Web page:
Cumbria Food Specialities

Cumbria Food Specialities

From award-winning meat and cheeses to celebrated jams and relishes, Cumbria brings you the best and tastiest locally sourced and lovingly produced food and drink.

Cumberland Sausage

Cumberland sausage is a form of sausage that originated in Cumberland, now part of Cumbria.
The sausage is traditionally very long, and sold rolled in a flat, circular coil.
The sausage is made using only natural ingredients and selected cuts of pork. The meat is normally chopped rather than minced, so giving it a distinctive chunky texture, and does not contain any added coloring or preservatives. The seasonings are prepared from a variety of spices and herbs. Once mixed, the sausages are filled into natural pork casings.
In March 2011, the “Traditional Cumberland sausage” was granted Protected Geographical Indication (PGI) status.
Peter Gott is a very well respected leader in Artisan Food Production, and is often at food festivals demonstrating the traditional craft of making Cumberland sausage.

Grasmere Gingerbread

Grasmere gingerbread is no ordinary gingerbread; it’s more like an intensely ginger-flavoured shortbread topped with sandy, sugary, gingery crumbs. It’s been made since the 1850s in the tiny Lakeland village of Grasmere.

Sarah Nelson’s Grasmere Gingerbread.

Grasmere Gingerbread is made in the tiny building, once the village school, by the entrance to St Oswald’s church in Grasmere. It is made to a “secret recipe” popularized by Sarah Nelson (1815-1904).
It is available only from this shop, and by mail order.
Sarah Nelson’s Gingerbread Shop.

Kendal Mint Cake

Kendal Mint Cake is a glucose-based confectionery flavoured with peppermint. It has been made by Romneys of Kendal since 1918. Kendal Mint Cake is popular among climbers and mountaineers, especially those from the United Kingdom, as a source of energy.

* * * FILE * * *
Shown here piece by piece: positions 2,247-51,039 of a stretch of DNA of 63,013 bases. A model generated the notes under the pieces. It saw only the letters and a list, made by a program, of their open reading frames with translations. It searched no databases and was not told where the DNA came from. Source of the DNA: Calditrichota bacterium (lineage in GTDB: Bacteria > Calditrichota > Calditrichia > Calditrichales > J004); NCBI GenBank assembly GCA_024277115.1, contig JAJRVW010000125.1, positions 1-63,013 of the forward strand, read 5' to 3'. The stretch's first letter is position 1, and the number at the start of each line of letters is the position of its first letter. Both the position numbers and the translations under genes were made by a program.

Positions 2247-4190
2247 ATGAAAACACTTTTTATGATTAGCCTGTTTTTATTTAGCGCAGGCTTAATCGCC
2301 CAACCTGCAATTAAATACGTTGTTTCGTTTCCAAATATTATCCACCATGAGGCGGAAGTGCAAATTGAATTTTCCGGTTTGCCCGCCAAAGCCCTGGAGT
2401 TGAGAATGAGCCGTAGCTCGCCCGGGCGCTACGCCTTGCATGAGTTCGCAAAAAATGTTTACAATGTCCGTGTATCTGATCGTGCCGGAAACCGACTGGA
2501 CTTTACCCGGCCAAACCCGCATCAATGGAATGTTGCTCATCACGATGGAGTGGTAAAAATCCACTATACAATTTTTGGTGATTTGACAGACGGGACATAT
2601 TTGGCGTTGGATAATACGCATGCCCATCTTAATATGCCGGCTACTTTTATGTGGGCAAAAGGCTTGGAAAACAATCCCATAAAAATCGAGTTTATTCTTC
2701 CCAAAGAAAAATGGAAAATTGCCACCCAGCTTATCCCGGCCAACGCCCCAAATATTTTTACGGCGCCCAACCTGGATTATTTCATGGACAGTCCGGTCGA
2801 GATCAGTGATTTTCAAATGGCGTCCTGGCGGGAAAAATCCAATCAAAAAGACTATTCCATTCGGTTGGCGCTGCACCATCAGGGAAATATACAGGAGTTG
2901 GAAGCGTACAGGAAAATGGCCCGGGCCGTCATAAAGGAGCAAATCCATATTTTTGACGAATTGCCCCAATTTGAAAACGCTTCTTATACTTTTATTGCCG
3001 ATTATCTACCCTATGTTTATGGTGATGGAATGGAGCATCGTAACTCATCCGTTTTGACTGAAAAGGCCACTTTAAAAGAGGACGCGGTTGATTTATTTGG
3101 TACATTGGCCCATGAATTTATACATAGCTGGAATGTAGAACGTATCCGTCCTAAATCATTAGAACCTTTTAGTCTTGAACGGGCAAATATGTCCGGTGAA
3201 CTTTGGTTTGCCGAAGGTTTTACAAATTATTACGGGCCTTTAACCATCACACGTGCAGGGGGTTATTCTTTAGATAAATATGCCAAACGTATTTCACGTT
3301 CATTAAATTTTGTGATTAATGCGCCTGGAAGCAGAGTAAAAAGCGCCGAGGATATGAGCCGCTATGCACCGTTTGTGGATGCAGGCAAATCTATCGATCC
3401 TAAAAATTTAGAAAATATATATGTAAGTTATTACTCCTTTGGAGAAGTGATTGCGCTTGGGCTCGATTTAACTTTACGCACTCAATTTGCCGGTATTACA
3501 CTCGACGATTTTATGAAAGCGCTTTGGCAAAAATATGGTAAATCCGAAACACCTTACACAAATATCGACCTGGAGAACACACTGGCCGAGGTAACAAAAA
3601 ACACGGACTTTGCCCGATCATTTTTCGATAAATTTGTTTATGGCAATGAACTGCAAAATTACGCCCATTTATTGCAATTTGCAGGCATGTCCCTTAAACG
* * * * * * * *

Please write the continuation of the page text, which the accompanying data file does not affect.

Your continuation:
Kendal Mint Cake.

According to legend, a Kendal confectioner, intending to make glacier mints, took his eye off the cooking pan for a minute and then, resuming his task, noticed that the mixture had started to ‘grain’ and become cloudy, instead of clear. When poured out, the result was Mint Cake.
Sir Edmund Hilary and Sirdar Tensing ate this mint cake on top of Everest as they gazed at the countryside down below. Tensing also left some to appease his ‘gods’. This happening naturally increased sales of mint cake to hikers and climbers and visitors to the Lake District.


The Lyth and Winster Valleys between Kendal and Windermere are well know for their damson orchards, the home of the Westmorland Damson, which are used to make various damson products including Damson Gin.
The Westmorland damson is a member of the plum family. It is thought to be a type of Shropshire prune (possibly the Blue Violet) but improved by the unique conditions in Westmorland and pollination by the wild Bullace and Sloe. There are damsons in other parts of the British Isles but the flavour of the smaller Westmorland damson is said to be second to none

Sticky Toffee Pudding

Sticky toffee pudding is a British steamed dessert consisting of a very moist sponge cake, made with finely chopped dates or prunes, covered in a toffee sauce and often served with a vanilla custard or vanilla ice-cream.
The dessert’s origins are considered a ‘mystery’, however, the dominant story is that Francis Coulson developed and served this dessert at his Sharrow Bay Country House Hotel on the shore of Ullswater in 1960.
Cartmel village shop is famous for its sticky toffee pudding, with their products being available throughout Cumbria and beyond at many grocers.

Salt Marsh Lamb

Lamb that has grazed on the salt marshes on the Cartmel peninsula at the edge of Morecambe Bay eat the grasses and herbs that are never sown as a crop, but are wild (species include puccinellia, sea lavender and marsh samphire) and are untreated with agricultural chemicals. The resulting salt marsh lamb meat has more flavour than young ‘spring’ lamb.
Cumbria salt marsh lamb can be bought from Higginsons of Grange over Sands, Holker Hall food hall, Booths supermarkets, and by mail order.
Related Links :

Return to menu :